Where to Start with bell hooks
"bell hooks" by Kevin Andre Elliott is licensed under
For nearly 50 years, bell hooks was an influential thinker, theorist, and cultural critic. Her first major work, Ain't I A Woman? Black Women and Feminism, was written while she was still an undergraduate student at Stanford University. Her work addresses diverse issues: race, class, gender, and the intersections thereof; systemic oppression and subjugation and the ways in which education can both perpetuate and defy them. It is both impassioned and scholarly. hooks embraces a colloquial style of writing which draws from various oral traditions. She prefered that her name be in all lowercase letters because what is most important is the "substance of books, not who I am” (The Sandspur paper, Rollins College).
Her work has embodied intersectionality for much longer than it has been a buzzword, and in fact, her works have helped folks understand what it means.
Here are a few books that offer a snapshot of hooks as a lover, a writer, a teacher, a thinker, a gender theorist, and a critic.
All About Love
Presenting radical new ways to think about love, the acclaimed cultural critic, feminist, and author examines the role of love in our personal and professional lives and how it can be used to end struggles between individuals, communities, and societies.
A favorite personal moment was when I was reading this book in an airport, and I looked across the aisle at the gate, only to see someone else reading the same red copy of the book. This one has hit the mainstream, without a doubt.
Wounds of Passion
An intelligent, emotional glimpse into the author's transition into womanhood describes leaving Kentucky to pursue her dreams at Stanford and becoming a successful writer, and details her involvement with feminism, the publication of her first book, and other personal events.
Teaching to Transgress: Education as the Practice of Freedom
This book shaped a new generation of educators. Hooks teaches students to "transgress" against racial, sexual, and class boundaries in order to achieve the gift of freedom, which is, for hooks, the teacher's most important goal. She speaks to the heart of education today: how can we rethink teaching practices in the age of multiculturalism? What do we do about teachers who do not want to teach, and students who do not want to learn? How should we deal with racism and sexism in the classroom? Full of passion and politics, Teaching to Transgress combines a practical knowledge of the classroom with a deeply felt connection to the world of emotions and feelings.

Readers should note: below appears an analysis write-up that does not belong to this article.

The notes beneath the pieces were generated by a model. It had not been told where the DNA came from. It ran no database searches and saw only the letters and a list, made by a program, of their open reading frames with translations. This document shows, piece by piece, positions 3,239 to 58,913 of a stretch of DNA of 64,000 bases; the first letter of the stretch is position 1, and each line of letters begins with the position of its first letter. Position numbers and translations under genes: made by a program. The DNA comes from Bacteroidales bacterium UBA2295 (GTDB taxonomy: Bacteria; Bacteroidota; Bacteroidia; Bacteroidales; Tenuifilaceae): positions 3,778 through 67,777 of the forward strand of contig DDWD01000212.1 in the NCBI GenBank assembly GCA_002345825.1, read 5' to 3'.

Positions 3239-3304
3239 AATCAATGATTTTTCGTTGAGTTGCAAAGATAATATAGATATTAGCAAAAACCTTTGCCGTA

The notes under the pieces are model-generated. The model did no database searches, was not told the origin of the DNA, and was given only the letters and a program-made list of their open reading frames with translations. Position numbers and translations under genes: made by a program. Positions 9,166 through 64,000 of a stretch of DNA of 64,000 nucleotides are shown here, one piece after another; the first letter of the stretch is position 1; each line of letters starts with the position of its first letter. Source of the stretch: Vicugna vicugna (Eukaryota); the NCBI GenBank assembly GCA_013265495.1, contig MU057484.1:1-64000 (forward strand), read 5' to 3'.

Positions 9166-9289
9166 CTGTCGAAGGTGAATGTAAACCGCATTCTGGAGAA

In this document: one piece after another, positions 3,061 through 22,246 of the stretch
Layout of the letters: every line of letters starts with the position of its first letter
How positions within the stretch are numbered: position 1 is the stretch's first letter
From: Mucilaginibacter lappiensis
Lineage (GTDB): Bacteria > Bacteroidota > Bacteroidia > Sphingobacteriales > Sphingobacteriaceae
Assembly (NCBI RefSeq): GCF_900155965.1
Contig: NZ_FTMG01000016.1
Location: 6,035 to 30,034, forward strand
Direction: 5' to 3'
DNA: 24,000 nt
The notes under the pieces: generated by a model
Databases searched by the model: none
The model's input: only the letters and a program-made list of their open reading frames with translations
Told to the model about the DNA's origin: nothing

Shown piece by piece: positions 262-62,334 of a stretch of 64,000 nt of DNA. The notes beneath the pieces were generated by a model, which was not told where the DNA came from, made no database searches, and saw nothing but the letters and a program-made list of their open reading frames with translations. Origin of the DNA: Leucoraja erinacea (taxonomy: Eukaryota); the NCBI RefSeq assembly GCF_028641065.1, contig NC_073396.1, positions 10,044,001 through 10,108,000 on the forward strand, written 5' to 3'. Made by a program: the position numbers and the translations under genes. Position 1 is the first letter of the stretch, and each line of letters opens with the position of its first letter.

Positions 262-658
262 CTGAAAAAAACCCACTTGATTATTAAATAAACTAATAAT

Feminism Is For Everybody
A short, accessible primer. What is feminism? hooks explores the nature of feminism and its positive promise to eliminate sexism, sexist exploitation, and oppression. With her characteristic clarity and directness, hooks encourages readers to see how feminism can touch and change their lives—to see that feminism is for everybody.
Sisters of the Yam: Black Women and Self-Recovery
In this book, bell hooks reflects on the ways in which the emotional health of black women has been and continues to be impacted by sexism and racism. Desiring to create a context where black females could both work on their individual efforts for self-actualization while remaining connected to a larger world of collective struggle, hooks articulates the link between self-recovery and political resistance. Both an expression of the joy of self-healing and the need to be ever vigilant in the struggle for equality, Sisters of the Yam continues to speak to the experience of black womanhood.
The Will To Change: Men, Masculinity, and Love
In a thought-provoking social and cultural analysis, hooks explores the world of masculinity and maleness to address some of men's most common concerns, including a fear of intimacy and the loss of their patriarchal place in society. She argues that an emotionally rewarding inner life holds the key to successful intimate relationships.
Art on My Mind: Visual Politics
In this book, hooks responds to the ongoing dialogues about producing, exhibiting, and criticizing art and aesthetics in an art world increasingly concerned with identity politics. Always concerned with the liberatory black struggle, hooks positions her writings on visual politics within the ever-present question of how art can be an empowering and revolutionary force within the black community.